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Quick Fire Questions: Place of Promise

Life is wonderful. But it also has moments of despair and hopelessness. For some, those moments can tumbleweed into many years filled with devastation, hate, poverty, loneliness, drug and alcohol addiction, disease, and spiritual death. Transformation is possible with the right support, guidance, care, and tools to empower.

Rebuilding Broken Lives

Place of Promise, founded by Elizabeth Kidd, RN, is dedicated to physical, emotional, relational, and spiritual healing through Christ-centered programming. Men, women, and children have the opportunity to leave behind a life of death and despair, and build a new life of hope and potential.

The program is built on the premise, “No one is too broken, hurt, or sinful for Jesus to save and make new.”

Empowering People to Thrive

The compassionate Place of Promise team empowers people, like Colleen, to transform their lives.

Colleen started using crack cocaine and heroin while in high school and dropped out. She was a heroin addict for over 35 years, and went to prison 10 times. Her prison case manager recommended that she consider Place of Promise upon release.

Colleen has focused on healing, life skills, and relapse prevention during her two years in the program. She recently moved from a Level I to a Level II home.

Women’s Level I Residential Home

During her programming, she enrolled in truck driving school to earn her commercial driver’s license, and started a job driving for a bakery company. After attending many addiction recovery programs without success, Colleen found her way with Place of Promise. In her own words, “This place saved my life.”

You can read her full inspiring story in a Place of Promise newsletter printed by NextDayFlyers.

Quick Fire Questions

About Place of Promise

Jeffry Kiel, Executive Director at Place of Promise, shared some insights about this life-changing program.

How did Place of Promise start?

“Place of Promise was founded in 1994 in a poor, inner-city section of Boston when it opened its first long-term adult residential home. In 2000, Place of Promise moved to Lowell, MA, to continue to expand.”

Men’s Level I Residential Home

“Today, Place of Promise has four long-term adult residential homes, after-school and summer programs for children, as well as internships and training.”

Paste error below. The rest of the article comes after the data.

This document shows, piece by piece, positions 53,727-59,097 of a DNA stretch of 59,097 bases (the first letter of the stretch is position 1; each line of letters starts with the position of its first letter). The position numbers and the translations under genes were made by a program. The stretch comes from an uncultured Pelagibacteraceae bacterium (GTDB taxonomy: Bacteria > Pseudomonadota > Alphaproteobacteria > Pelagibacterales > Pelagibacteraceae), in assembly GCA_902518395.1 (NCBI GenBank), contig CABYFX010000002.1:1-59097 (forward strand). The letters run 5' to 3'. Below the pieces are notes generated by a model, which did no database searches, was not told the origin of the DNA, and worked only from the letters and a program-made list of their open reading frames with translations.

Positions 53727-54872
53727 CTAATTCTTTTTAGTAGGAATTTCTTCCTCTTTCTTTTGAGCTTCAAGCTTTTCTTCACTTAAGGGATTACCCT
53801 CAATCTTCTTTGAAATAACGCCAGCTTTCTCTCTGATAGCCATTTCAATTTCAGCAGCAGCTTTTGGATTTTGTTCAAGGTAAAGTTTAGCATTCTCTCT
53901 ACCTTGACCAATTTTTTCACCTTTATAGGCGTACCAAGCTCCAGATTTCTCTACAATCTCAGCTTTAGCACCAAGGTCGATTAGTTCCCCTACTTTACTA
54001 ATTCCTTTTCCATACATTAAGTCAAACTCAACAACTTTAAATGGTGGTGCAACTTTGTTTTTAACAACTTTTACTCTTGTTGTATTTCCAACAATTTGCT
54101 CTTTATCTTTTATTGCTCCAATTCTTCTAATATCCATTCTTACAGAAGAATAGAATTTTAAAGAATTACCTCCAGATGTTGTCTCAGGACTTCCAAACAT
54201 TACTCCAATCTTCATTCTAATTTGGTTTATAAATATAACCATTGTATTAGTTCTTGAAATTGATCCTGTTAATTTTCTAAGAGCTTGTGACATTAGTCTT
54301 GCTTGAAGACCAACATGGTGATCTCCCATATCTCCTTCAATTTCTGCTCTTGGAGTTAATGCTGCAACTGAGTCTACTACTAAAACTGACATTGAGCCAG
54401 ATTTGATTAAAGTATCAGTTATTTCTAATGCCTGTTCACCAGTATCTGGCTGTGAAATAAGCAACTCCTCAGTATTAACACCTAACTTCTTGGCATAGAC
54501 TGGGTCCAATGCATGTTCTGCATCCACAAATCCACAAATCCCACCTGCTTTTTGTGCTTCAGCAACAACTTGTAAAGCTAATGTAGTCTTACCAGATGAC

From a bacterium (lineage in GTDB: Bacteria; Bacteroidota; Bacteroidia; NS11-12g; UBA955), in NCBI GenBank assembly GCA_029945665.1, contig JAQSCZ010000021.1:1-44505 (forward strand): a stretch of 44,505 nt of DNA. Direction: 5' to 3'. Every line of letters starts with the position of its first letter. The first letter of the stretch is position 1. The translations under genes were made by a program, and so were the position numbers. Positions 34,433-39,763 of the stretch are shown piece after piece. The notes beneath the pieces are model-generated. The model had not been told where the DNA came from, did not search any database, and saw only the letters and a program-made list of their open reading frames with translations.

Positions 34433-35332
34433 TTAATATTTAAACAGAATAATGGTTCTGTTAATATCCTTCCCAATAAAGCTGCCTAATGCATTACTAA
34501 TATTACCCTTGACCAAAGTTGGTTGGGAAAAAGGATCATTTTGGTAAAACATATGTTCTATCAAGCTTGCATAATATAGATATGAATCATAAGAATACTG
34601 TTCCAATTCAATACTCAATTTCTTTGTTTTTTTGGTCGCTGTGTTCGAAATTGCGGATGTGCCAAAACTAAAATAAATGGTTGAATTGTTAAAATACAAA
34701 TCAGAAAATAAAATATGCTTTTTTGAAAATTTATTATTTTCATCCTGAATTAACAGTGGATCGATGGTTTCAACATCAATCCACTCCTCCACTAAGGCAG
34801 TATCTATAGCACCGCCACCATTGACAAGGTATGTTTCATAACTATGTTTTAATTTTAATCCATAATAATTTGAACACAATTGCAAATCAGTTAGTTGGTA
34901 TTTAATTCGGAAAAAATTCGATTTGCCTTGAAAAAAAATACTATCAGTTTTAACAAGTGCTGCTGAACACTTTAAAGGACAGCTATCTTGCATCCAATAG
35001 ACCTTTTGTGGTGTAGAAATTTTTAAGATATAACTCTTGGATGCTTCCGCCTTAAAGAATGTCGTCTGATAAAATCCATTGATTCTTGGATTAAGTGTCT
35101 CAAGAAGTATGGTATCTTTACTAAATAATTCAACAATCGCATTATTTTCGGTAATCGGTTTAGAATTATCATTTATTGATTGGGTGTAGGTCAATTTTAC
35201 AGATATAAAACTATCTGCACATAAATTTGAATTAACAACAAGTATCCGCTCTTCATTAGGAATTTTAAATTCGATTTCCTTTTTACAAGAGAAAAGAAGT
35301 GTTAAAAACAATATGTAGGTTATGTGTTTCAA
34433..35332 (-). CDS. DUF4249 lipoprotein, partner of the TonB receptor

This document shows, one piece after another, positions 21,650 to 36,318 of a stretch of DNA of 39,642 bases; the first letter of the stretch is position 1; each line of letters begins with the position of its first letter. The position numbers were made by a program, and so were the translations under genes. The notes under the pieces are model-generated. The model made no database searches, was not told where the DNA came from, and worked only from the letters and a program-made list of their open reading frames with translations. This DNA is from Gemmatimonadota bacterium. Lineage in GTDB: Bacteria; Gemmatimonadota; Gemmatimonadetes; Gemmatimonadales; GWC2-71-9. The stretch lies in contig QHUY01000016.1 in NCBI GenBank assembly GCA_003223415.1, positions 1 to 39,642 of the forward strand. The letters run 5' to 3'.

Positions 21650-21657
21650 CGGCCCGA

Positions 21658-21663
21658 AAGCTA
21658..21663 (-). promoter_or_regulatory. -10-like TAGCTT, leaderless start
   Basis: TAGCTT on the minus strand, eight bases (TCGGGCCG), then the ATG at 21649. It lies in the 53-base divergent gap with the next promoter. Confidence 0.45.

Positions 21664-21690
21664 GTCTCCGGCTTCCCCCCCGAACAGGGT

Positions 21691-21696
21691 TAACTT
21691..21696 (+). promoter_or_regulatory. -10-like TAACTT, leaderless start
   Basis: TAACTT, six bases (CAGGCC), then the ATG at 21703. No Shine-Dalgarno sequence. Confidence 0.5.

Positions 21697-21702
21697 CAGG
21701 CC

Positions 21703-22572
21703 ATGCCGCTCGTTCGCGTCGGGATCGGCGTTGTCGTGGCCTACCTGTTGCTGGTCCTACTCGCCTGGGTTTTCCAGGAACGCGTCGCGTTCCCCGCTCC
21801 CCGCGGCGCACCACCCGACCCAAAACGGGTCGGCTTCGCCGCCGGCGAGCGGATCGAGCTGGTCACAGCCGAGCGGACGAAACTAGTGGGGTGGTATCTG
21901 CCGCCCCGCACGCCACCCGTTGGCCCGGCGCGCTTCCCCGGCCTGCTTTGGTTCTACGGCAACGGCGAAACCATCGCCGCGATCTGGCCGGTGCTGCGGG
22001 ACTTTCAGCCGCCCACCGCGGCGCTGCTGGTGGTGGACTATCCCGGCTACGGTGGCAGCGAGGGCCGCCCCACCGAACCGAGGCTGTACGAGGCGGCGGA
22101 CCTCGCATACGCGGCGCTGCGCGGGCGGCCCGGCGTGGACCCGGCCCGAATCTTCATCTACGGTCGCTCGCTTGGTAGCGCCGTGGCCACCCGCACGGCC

How big is the organization today?

“Over the last several years, demand for our faith-based programming has increased dramatically. Last year, referrals increased over 75% with most referrals coming from other addiction recovery programs.

“Participation in Kids of Promise, a program focused on children impacted by addiction, increased over 50%.”

Kids of Promise Verse Scramble

“To meet this need, we recently doubled the capacity of our residential homes and introduced year-round programming for children from elementary through high school. We can currently serve 30 adults and 100 children.”

Spreading the Word About Transforming Lives

What are some of the activities you do to bring attention to your organization and its mission?

“We speak at local churches, publish and print monthly newsletters [with NextDayFlyers], and we recently updated our website.

Elizabeth Kidd, RN, Founder, Speaking at Home Church

“We mail monthly newsletters to our partners and churches.”

Place of Promise Monthly Newsletter

How did you find the overall printing experience?

“NextDayFlyers has done an excellent job of printing our monthly newsletters. We’ve received great feedback from our donors on the newsletters. The customer service representatives are extremely helpful whenever we have questions.”

NextDayFlyers has done an excellent job of printing our monthly newsletters. We’ve received great feedback from our donors on the newsletters. Click To Tweet

Do you need custom newsletters or brochures? Shop NextDayFlyers today!

Making a Difference

How can people get involved and help?

“There are three ways: Prayer, Volunteer, and Donate.

“As a small organization of six staff members, volunteers are critical in our mission to serve those looking to rebuild their lives. Last year, over 400 people volunteered.

“We are entirely dependent on donations from individuals and churches for our programming. For those who are considering supporting us, faithful stewardship is a deeply held value and we commit to use all gifts efficiently and effectively.”

For more information about Place of Promise programs and opportunities to help, visit their website.

Facebook: @placeofpromise